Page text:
.while .done

Repeating generation sequences
The .while and .done statements allow sequences of source to be repeatedly processed by the assembler while one or more statements are modified. This allows short sequences of statements to by converted from a runtime loop into a statically built section of machine code. It also allows data tables to be built for runtime lookup (reducing runtime computational overheads).

The syntax of a loop is

```        .while <expr>
<block1>
.done```
The statements <block1> between the start and end of the loop are repeatedly processed while the expression <expr> evaluates to a non-zero value. The .break statement can be used to cause the processing of subsequent statements in <block1> to be stopped and the loop terminated.
```e.g.

squares_tbl

var1    .set    0
.while  var1 <= 10
.dw     var1 * var1
var1    .set    var1 + 1
.done```
this example generates a table of squares for all the integers between 0 and 10 inclusive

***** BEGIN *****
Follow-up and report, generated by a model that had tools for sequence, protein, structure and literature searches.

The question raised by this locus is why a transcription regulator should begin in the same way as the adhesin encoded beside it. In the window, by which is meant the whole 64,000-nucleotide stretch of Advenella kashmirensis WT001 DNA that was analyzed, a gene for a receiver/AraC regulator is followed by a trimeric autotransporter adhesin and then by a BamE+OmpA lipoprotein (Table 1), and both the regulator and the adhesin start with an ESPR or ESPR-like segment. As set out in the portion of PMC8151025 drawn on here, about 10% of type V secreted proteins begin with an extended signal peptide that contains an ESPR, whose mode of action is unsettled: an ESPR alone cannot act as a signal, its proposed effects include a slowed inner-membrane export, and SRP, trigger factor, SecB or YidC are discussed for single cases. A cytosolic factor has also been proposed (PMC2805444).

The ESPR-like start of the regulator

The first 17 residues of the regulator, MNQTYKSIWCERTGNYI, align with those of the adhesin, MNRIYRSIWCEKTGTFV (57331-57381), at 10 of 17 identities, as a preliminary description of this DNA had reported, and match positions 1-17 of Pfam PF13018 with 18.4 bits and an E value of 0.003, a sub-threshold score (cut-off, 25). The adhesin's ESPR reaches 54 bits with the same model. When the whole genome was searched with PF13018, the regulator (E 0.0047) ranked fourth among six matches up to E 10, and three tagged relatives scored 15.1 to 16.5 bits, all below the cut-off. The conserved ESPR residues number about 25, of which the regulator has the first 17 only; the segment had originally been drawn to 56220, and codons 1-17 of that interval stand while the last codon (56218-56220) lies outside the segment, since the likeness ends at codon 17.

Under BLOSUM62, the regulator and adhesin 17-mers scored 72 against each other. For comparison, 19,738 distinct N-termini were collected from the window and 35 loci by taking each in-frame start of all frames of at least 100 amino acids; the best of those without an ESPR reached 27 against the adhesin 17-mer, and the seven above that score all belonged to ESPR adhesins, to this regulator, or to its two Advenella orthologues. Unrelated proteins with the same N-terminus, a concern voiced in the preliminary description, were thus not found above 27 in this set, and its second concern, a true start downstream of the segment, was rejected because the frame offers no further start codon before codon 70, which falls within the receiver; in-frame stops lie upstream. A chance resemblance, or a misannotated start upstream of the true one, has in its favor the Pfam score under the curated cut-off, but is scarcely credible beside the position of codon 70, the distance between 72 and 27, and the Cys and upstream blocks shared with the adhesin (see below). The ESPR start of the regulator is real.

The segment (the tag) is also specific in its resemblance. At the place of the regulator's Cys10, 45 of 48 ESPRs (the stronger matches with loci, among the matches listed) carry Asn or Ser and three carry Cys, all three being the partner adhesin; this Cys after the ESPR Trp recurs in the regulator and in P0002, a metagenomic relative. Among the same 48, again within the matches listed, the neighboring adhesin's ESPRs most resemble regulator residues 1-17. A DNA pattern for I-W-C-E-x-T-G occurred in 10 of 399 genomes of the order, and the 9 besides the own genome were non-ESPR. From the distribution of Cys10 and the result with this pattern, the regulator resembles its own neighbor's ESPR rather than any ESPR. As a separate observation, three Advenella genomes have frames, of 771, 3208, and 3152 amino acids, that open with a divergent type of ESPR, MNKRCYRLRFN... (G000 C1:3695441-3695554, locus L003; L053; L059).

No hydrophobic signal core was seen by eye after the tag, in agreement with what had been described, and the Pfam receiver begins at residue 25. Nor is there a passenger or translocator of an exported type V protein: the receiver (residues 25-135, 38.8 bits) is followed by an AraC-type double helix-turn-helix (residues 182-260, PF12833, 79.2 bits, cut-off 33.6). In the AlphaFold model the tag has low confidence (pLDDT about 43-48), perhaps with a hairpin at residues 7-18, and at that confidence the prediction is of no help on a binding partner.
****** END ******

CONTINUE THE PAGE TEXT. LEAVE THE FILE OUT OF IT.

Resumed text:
The following example does the same but nulls all odd entries

```squares_tbl

var1    .set    0
.while  var1 <= 10

.if     ((var1 * var1) & 1) == 0)
.dw     var1 * var1
.else
.dw     0
.endif

var1    .set    var1 + 1
.done```
The following example uses the .break statement to teminate the loop. It adds at least one 0 to the code generated and ensures that the location counter is always left at an even value
```        .while 1

.db     0

.if (\$ & 1) == 0
.break
.endif

.done```
.while / .done loops can be nested to any level.
```e.g.

var1    .set    1

.while  var1 <= 5

var2    .set    1

.while  var2 <= 5
.db     var1 * var2
var2    .set    var2+1
.done

var1    .set    var1+1
.done```
would produces the equivalent of
```        .db     1,  2,  3,  4,  5
.db     2,  4,  6,  8, 10
.db     3,  6,  9, 12, 15
.db     4,  8, 12, 16, 20
.db     5, 10, 15, 20, 25```